Driverless cart motors on after hiccupTop News | Sophie Hui 31 Oct 2017
A local university making inroads in developing driverless cars suffered an awkward glitch in yesterday's presentation.
Engineering students at the Robotics Institute of the University of Science and Technology publicly unveiled their unmanned golf cart.
The vehicle drove HKUST president Tony Chan Fan-cheong, who was at the back seat, for a few minutes in a car park on the Clearwater Bay campus.
The golf cart boasts functions that include obstacle avoidance, mapping and navigation.
But during the media briefing it ran out of power and had to be pushed manually. It resumed driving a few minutes later.
Two laser sensors were installed - one on top for mapping routes and the other in front of the steering wheel, which is able to detect obstacles from one to 75 meters, even in the dark.
Team supervisor Liu Ming, assistant professor in the department of electronic and computer engineering, said Hong Kong is suitable for autonomous driving as road conditions are good and drivers generally follow traffic rules.
"We believe this is the starting point for a new generation of unmanned vehicles that will save manpower and enhance safety," Liu said.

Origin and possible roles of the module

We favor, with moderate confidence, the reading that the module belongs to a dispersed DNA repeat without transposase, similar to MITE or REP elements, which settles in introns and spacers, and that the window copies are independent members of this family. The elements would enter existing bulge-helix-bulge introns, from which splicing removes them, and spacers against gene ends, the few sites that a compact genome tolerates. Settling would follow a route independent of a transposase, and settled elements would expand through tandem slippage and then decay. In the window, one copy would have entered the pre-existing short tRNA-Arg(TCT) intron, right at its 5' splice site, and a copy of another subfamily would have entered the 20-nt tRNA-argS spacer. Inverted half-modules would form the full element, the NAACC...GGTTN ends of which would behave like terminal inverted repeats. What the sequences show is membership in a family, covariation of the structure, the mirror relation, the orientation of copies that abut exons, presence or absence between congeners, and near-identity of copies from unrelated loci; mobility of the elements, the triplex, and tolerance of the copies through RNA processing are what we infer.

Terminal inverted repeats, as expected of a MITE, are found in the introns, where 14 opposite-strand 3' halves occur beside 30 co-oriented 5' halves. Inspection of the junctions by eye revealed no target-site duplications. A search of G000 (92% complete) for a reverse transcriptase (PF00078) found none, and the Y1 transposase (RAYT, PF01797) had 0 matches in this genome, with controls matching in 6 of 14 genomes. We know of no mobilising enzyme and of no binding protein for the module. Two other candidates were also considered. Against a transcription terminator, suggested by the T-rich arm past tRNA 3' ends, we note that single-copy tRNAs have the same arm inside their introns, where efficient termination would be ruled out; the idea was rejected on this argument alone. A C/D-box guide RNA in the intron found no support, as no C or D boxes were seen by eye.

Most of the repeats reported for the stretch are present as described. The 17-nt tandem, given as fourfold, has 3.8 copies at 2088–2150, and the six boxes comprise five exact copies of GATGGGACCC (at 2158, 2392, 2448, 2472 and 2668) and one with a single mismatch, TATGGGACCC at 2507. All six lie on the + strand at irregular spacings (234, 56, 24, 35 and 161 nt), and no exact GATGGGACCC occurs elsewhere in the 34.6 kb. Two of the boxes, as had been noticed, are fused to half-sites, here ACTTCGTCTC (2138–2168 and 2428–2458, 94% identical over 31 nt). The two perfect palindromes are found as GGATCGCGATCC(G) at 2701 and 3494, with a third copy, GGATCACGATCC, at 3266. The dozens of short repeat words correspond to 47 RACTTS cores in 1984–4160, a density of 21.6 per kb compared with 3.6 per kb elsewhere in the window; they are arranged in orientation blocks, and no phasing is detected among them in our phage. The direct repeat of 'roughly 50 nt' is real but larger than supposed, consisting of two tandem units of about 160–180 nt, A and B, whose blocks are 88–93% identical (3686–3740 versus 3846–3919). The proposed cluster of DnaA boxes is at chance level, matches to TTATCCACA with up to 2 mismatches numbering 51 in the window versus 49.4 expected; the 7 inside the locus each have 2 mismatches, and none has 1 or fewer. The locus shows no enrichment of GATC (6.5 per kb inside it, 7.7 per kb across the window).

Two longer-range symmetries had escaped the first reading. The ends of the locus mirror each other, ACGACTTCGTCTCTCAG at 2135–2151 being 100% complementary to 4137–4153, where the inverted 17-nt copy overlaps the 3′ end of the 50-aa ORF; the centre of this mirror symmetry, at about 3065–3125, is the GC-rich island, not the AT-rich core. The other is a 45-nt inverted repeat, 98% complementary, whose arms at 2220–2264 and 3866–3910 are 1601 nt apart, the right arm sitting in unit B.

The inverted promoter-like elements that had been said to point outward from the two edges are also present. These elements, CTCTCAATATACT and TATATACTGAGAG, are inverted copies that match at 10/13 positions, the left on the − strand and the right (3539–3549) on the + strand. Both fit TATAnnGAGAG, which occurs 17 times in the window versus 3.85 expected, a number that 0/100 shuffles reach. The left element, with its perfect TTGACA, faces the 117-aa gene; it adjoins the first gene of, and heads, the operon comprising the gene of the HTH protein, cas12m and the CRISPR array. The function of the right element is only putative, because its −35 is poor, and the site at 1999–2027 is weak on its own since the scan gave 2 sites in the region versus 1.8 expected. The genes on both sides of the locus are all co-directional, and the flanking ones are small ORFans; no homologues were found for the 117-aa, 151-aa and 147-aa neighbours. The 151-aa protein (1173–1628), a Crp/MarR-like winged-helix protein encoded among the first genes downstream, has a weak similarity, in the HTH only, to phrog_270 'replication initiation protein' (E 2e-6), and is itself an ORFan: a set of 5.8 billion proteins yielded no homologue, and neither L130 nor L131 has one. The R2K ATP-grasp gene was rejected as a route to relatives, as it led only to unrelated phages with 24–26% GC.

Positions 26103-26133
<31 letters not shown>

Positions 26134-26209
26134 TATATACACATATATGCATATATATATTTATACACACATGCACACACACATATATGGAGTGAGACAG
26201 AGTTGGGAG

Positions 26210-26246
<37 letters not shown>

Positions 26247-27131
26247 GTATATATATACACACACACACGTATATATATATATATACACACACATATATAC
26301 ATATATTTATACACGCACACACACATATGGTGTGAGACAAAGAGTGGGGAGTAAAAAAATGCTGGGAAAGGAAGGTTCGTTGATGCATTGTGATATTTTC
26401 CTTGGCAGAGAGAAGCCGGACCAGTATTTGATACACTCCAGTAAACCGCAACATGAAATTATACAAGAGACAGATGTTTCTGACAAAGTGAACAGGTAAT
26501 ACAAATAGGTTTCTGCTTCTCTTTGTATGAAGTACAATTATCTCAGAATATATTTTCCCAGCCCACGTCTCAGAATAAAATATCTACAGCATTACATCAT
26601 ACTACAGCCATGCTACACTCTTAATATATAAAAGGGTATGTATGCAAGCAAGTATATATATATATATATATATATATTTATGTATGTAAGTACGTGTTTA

The team hopes to test the technology on passenger cars. Liu said current Hong Kong laws do not allow them to test it on a private car, so they tried it on a golf cart.
The golf cart is powered by a battery that takes two to three hours to be fully charged. It can run at 20 kilometers an hour and go for 40 to 60 kilometers before recharging.
Du Xiaoguo, 24, a PhD student in the department who helped create the vehicle, said the team will improve the golf cart's look as well as increase its location accuracy and make it drive in reverse.
The team started the project in late August, spending less than HK$150,000, including HK$70,000 for the cart.
Liu said the team only spent a few weeks to assemble the vehicle, one of 11 projects showcased at yesterday's HKUST Robotics Day.
Other projects included smart manufacturing production lines, a robotic chess player and virtual personalities that can analyze emotions and personality or conduct therapy.
Michael Wang Yu, director of the Robotics Institute, hopes the government can provide support, including designating areas for testing.